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A colleague of mine created an assembly in for use with JScript via COM interop. The assembly used to work fine, but we signed it and now it only seems to work on Windows 7 machines. I've tested 2 Windows 7 machines and 2 Windows Vista machines.

When we signed the assembly and we try to instantiate the ActiveX object in JScript, an error is returned with no message and only a number:

Error number: -2146234304

A search on Google for the error number didn't return much.

If we remove the strong name from the assembly, it works just fine. Any ideas on what could be the problem? Not sure if it makes a difference, but the assembly is being compiled and signed with VS 2010.

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In your case, I think -2146234304 is S_FALSE or ERROR_INVALID_FUNCTION. err.exe is useful for looking these error codes up, see – Chris Schmich Sep 19 '10 at 22:03
up vote 6 down vote accepted

Do you recreated the COM Interop after the signing of the assembly? How you register the new version of the assembly? Do you cleared the cache of Internet Explorer?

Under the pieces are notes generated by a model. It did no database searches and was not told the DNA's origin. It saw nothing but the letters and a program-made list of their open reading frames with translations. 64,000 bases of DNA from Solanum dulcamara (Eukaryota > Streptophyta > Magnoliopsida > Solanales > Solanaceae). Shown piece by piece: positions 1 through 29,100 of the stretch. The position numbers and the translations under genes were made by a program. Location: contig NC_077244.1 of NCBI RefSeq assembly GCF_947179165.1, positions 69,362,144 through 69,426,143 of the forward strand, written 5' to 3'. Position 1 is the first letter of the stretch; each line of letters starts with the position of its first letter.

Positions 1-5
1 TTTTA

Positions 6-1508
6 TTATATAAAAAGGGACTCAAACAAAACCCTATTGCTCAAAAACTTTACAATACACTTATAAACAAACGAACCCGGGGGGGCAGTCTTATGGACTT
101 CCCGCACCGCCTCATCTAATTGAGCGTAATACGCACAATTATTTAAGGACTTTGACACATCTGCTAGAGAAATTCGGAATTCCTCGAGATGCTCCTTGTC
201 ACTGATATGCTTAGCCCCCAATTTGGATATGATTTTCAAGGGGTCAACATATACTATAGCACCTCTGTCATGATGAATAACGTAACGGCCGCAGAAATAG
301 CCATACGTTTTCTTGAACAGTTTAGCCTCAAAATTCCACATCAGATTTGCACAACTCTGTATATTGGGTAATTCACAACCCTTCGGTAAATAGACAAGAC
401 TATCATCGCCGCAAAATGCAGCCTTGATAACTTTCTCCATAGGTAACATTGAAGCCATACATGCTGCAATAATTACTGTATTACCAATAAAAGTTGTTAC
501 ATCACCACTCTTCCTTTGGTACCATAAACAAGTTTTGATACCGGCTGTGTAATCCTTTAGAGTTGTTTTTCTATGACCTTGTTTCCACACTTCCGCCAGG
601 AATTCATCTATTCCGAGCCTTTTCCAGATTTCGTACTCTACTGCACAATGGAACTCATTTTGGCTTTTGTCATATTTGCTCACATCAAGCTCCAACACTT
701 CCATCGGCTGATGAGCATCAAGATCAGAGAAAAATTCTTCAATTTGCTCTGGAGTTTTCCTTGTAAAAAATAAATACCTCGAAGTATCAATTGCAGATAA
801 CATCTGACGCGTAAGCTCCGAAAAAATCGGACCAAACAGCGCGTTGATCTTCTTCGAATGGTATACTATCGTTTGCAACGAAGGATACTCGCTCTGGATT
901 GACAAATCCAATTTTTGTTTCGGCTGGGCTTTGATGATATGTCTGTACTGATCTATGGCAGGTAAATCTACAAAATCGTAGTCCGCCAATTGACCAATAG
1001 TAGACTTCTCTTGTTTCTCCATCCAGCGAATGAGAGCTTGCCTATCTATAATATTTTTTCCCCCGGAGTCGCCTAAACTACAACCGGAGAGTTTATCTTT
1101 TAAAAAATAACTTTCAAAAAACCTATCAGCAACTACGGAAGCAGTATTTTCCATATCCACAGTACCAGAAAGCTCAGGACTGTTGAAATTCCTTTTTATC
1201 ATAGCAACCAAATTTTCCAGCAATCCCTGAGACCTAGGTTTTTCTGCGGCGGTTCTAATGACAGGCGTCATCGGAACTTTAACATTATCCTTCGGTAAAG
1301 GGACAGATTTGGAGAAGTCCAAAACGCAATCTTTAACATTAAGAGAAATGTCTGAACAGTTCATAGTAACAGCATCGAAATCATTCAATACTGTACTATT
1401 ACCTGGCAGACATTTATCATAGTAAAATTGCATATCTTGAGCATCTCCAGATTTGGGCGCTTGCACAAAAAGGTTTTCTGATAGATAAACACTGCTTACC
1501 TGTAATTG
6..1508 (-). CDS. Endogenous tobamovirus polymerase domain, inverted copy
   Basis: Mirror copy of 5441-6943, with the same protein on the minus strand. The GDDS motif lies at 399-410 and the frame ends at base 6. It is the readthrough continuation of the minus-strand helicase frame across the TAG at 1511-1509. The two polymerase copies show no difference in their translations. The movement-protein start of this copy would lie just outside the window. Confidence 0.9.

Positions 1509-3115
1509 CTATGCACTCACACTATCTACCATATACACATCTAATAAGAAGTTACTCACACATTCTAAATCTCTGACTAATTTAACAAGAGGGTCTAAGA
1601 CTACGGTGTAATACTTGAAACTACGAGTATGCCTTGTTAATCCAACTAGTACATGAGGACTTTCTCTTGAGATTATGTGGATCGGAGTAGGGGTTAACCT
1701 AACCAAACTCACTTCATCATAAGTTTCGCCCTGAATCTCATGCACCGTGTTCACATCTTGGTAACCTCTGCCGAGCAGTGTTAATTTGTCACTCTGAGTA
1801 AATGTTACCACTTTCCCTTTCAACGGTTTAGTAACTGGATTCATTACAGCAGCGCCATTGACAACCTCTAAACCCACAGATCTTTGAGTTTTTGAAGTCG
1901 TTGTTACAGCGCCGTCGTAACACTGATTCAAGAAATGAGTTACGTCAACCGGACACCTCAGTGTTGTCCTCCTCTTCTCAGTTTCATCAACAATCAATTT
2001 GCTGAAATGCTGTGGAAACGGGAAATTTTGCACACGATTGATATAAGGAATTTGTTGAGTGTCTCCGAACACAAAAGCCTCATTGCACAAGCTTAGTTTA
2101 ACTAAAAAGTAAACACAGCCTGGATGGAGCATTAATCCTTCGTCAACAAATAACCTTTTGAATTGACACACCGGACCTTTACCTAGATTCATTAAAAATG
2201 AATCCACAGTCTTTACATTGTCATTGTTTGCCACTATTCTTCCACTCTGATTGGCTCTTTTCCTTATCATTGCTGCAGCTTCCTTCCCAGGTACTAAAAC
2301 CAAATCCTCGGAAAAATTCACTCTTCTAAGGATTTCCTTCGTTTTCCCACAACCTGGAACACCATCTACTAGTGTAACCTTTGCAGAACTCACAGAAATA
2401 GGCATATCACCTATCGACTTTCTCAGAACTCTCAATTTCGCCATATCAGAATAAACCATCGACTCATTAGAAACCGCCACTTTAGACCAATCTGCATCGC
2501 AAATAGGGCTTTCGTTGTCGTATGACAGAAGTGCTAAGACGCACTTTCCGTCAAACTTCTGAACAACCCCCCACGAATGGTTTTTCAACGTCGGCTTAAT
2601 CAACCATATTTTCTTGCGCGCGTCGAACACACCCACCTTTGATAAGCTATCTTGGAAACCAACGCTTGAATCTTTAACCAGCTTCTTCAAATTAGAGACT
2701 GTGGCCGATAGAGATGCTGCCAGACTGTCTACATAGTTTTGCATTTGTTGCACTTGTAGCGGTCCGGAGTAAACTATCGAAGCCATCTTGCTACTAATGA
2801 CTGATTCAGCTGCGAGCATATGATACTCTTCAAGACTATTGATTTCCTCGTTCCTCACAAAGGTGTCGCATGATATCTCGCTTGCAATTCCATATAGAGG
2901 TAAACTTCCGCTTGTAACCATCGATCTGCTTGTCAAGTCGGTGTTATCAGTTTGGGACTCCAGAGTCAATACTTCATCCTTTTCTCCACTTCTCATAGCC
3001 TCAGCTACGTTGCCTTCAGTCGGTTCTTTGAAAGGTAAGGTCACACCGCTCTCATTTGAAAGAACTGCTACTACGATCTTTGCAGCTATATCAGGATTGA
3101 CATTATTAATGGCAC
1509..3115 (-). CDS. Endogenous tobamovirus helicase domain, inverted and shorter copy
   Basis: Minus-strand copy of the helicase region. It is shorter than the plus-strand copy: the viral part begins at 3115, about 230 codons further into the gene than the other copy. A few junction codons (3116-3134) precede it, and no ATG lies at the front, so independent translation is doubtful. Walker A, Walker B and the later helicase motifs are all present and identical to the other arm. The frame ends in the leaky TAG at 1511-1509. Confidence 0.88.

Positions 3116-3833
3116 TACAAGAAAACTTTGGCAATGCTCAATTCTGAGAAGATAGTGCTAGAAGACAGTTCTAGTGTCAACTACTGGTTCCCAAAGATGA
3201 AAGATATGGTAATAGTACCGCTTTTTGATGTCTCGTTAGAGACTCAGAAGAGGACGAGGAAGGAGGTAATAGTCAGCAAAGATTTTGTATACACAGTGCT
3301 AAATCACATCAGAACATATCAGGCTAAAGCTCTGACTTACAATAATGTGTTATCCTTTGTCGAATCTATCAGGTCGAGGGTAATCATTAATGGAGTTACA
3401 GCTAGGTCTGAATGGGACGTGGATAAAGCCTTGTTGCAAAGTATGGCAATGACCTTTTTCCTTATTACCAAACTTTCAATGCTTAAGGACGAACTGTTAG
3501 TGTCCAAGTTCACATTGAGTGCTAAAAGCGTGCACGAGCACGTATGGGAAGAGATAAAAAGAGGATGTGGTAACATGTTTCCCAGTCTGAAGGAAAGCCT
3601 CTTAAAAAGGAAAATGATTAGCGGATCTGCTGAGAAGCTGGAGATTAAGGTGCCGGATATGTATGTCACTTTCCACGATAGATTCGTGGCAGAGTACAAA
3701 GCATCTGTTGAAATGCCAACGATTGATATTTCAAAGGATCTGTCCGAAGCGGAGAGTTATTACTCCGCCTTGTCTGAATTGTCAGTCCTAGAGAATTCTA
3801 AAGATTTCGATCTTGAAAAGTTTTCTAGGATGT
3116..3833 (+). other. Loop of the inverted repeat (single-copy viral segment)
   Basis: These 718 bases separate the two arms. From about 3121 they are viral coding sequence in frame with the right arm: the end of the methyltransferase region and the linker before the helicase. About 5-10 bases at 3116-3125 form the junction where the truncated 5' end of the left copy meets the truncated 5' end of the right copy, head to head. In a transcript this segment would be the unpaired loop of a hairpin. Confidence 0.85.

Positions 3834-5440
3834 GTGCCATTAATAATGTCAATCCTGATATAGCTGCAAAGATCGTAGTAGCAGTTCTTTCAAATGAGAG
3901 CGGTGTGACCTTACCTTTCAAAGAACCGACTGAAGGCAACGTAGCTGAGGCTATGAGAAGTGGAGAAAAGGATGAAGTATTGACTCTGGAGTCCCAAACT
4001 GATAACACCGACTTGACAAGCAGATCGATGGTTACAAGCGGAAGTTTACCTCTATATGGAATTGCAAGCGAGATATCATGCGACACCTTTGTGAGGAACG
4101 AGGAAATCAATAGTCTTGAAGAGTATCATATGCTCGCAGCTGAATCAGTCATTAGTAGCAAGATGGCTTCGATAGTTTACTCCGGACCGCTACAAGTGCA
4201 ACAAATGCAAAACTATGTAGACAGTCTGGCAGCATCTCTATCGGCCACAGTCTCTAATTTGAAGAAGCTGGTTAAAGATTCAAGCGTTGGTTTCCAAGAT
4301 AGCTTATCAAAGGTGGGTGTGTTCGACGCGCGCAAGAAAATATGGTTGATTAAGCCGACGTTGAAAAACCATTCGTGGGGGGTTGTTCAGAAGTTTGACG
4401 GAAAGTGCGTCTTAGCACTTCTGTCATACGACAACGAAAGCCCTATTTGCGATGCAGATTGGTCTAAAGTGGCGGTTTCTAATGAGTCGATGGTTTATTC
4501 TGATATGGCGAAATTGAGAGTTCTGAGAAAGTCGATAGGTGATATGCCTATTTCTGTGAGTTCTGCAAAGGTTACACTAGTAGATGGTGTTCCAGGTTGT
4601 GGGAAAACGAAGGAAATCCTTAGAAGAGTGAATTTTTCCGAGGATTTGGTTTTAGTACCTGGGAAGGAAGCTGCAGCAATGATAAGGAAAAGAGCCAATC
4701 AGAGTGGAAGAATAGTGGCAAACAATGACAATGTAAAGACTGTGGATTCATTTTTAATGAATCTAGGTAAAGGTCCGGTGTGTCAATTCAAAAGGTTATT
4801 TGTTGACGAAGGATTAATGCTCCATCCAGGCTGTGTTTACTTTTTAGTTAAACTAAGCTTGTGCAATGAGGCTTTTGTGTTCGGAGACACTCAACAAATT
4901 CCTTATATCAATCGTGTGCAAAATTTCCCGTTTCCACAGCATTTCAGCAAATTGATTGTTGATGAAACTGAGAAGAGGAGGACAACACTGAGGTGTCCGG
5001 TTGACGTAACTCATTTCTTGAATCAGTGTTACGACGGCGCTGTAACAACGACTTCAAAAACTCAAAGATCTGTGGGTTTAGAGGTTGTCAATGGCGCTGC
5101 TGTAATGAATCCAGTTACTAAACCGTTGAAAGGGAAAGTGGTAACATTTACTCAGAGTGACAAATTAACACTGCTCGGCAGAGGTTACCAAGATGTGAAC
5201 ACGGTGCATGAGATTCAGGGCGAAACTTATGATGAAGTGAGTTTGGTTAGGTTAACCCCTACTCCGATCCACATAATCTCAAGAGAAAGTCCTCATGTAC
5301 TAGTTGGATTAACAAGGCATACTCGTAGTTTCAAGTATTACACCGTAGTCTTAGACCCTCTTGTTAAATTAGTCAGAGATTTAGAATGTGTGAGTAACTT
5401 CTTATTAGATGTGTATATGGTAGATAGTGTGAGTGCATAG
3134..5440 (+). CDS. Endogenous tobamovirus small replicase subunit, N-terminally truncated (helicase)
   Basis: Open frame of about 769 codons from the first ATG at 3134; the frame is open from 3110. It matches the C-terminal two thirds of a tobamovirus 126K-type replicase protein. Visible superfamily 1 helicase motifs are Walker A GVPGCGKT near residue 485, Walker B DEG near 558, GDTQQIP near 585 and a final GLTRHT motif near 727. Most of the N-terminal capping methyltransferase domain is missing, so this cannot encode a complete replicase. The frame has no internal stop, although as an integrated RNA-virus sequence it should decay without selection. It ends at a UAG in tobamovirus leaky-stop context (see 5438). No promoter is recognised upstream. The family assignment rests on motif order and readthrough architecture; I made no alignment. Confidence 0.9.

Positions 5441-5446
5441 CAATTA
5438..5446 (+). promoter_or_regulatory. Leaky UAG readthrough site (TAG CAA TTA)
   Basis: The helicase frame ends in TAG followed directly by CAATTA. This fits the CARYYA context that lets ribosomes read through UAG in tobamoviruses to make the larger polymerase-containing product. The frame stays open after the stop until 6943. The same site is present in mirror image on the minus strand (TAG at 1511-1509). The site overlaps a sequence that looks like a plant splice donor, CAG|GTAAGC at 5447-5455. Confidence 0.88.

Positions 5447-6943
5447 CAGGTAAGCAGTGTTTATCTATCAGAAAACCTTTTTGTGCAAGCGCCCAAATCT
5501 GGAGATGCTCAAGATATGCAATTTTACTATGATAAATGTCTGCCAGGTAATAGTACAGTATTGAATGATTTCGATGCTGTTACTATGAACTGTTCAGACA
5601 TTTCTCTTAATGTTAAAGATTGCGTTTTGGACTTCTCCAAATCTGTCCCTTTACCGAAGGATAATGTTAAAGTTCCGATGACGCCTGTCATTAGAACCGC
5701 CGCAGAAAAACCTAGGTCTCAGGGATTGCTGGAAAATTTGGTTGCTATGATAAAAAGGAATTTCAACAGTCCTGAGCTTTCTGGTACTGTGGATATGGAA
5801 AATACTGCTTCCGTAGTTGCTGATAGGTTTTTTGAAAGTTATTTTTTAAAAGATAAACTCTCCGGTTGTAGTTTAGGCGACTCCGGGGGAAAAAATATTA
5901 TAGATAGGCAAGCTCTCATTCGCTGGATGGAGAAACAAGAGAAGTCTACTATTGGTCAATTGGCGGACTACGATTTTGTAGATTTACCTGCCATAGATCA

In general the error -2146234304 (0x80131040) means FUSION_E_REF_DEF_MISMATCH: "The located assembly's manifest definition with name [yourAssembly] does not match the assembly reference". So you have to update the manifest of assembly which use your signed assembly. What it means exactly in your situation you should find out. The refence to the assembly are saved also under Assembly value of HKEY_CLASSES_ROOT\CLSID\{YOUR_GUID}\InprocServer32 and not only in the real manifest.

You can try to investigate the problem with respect of Fuslogvw.exe (Assembly Binding Log Viewer) (or Some changes in registry under HKLM\Software\Microsoft\Fusion could be needed before (like EnableLog, LogFailures,